The cyberattack on Microsoft Corp.'s email server software has mushroomed into a global crisis that cybersecurity experts say will likely claim many more victims due to the sophisticated nature of the hack.
Vulnerabilities in Microsoft Exchange, the company's widely used email and calendaring software targeted at enterprise customers, allowed hackers to access emails from its servers and install additional malware to maintain access to the victims' environments. When Microsoft first released software patches March 2 to plug the Exchange flaws, it attributed the hacking activity to a single Chinese cyber espionage group. However, on March 5, the company reported that additional malicious actors had started exploiting the vulnerabilities to attack systems that had not yet been updated.
A growing number of hackers are exploiting vulnerabilities in unpatched Microsoft Exchange servers to gain access to victims' emails and data.
Since then, cybersecurity software firms have reported a significant uptick in attacks on servers that have not yet been updated. In a March 10 blog post, internet security company ESET identified at least 10 different hacking groups that were using the Exchange vulnerabilities to hack targets around the globe.
"We are working closely with the CISA [Cybersecurity and Infrastructure Security Agency], other government agencies, and security companies to ensure we are providing the best possible guidance and mitigation for our customers," a Microsoft spokesperson told S&P Global Market Intelligence. "The best protection is to apply updates as soon as possible across all impacted systems."
While these updates do address the vulnerabilities in Exchange being exploited by hackers, they do not remove the backdoor access that has already been placed in the infected machines, said Tyler Hudak, the incident response practice lead at cybersecurity consultancy firm TrustedSec.
"The attackers uploaded backdoors called web shells into their victims' exchange servers that are not tied to the Exchange vulnerabilities at all," Hudak explained. "Patching the systems will not remove these web shells, so the best way to remove them is to back up all data on the server and then completely rebuild the system from scratch."
The White House also has warned computer network operators that the patches are not sufficient to secure hacked systems.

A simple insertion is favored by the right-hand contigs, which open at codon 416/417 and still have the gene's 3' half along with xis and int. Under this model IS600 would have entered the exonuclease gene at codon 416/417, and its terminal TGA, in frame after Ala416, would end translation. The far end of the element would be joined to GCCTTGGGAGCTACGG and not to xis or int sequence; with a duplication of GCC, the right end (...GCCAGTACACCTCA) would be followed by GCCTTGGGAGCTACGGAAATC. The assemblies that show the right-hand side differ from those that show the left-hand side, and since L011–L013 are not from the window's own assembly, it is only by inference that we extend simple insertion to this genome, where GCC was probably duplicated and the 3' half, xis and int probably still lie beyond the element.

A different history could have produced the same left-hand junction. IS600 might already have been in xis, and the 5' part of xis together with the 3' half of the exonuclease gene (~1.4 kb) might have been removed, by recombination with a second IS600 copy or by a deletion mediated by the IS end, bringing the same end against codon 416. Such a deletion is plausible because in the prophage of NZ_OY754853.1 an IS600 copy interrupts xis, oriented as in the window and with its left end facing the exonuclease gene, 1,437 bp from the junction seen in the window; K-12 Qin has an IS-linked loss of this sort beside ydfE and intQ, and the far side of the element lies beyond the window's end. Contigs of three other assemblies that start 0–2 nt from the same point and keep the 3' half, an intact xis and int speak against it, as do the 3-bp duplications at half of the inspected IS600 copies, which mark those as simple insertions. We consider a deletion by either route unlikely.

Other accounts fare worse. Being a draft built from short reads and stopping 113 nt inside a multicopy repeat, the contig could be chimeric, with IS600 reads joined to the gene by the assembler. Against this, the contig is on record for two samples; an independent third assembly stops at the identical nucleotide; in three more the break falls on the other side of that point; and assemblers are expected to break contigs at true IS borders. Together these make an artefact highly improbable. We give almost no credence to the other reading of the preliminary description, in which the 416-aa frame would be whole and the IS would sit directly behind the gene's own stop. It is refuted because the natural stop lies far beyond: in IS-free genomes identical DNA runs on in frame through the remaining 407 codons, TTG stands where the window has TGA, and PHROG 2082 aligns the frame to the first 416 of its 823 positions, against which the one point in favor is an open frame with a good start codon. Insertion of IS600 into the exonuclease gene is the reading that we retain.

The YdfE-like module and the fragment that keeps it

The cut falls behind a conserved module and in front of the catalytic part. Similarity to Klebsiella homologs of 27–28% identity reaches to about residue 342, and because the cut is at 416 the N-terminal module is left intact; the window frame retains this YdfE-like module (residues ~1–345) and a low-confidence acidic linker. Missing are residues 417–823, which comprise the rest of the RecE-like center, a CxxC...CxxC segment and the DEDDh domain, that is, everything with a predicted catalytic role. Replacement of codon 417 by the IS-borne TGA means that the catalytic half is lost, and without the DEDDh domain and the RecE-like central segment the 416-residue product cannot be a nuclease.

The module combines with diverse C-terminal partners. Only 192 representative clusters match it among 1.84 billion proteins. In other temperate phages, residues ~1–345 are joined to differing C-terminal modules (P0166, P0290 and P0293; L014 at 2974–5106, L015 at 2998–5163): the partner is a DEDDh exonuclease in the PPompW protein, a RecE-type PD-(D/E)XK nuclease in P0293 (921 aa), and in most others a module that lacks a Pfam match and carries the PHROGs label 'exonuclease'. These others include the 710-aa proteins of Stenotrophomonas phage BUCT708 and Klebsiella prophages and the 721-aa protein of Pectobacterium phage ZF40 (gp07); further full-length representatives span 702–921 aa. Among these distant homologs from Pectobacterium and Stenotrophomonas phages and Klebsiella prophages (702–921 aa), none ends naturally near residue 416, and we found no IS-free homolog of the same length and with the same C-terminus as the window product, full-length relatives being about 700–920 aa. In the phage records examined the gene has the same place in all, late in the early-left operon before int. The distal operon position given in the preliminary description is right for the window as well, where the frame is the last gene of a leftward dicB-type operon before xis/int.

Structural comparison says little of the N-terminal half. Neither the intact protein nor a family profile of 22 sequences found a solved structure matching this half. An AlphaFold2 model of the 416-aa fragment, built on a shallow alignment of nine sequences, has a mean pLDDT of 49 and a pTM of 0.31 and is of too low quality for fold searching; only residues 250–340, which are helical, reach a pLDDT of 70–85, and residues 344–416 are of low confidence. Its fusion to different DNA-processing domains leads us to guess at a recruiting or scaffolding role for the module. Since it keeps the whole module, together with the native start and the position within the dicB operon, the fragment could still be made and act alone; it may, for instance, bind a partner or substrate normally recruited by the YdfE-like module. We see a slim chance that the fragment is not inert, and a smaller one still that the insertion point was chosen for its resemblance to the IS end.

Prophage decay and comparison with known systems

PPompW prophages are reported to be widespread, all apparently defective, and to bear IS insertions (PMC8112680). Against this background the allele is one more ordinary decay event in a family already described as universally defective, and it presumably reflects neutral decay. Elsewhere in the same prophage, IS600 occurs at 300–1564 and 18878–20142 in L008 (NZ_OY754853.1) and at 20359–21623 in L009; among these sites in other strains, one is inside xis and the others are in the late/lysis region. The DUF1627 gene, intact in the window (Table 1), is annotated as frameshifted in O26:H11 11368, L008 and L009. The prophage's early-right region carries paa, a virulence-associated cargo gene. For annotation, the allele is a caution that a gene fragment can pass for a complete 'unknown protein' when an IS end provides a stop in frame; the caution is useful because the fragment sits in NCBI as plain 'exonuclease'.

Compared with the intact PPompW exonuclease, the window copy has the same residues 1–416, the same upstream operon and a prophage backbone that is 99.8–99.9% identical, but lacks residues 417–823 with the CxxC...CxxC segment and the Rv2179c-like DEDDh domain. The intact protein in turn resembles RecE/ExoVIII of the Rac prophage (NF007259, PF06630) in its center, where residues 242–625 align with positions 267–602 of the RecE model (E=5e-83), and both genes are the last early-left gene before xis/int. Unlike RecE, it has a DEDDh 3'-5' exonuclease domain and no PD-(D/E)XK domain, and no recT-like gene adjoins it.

"We can't stress enough that patching and mitigation is not remediation if the servers have already been compromised, and it is essential that any organization with a vulnerable server take measures to determine if they were already targeted," a White House official said in a statement to the press.
Brian Krebs, a cybersecurity reporter who was among the first to divulge details about the Exchange cyberattack, said there is a high probability that victims who do not back up their servers offline may be inviting more severe breaches, such as ransomware attacks.
In an interview with S&P Global Market Intelligence, Krebs said he thinks the best option for most of the victims is to move to the cloud, which would allow Microsoft to manage all aspects of running its email server, including security.
"Moving on-premises Exchange users to the cloud will be a net positive because running a mail server has been the most self-abusive step you can take as a system administrator," Krebs said. "These systems are constantly under attack, and even seasoned defenders have their mail servers hacked. It's basically beyond the capabilities and cost of most of these victims, so they should let someone else with a lot more resources defend it."
Krebs noted that Microsoft would benefit if more customers moved their email to its cloud system as well, as its Exchange servers do not provide Microsoft with a monthly revenue stream like its cloud-based email service does.
"Microsoft is in a good position to offer these victims free or cut-rate migration to their cloud-based email and file management services, and they should," Krebs said.
But moving to the cloud still has its drawbacks for some.
Fernando Montenegro, a principal research analyst on the information security team at S&P Global Market Intelligence's 451 Research unit, said regulatory or business constraints may keep some companies from jumping to the cloud.
"While we are definitely seeing an uptick in companies expressing interest in the cloud, there are still many that simply can't make the transition," Montenegro said. Rather than a cloud transformation catalyst, he described the impact of the Exchange attack as "yet another nail in the coffin of the idea that cybersecurity is easy."
TrustedSec's Hudak said Microsoft's cloud system would be a more secure email environment for many companies, but he also noted that it is not a foolproof solution.
"Nothing is 100% secure from cyberattacks, and they can definitely occur on a cloud system as well," Hudak said. "The best way to prevent such breaches is to invest more, is to establish better cybersecurity practices, such as actively monitoring the behavior of tools and having good incident response protocols."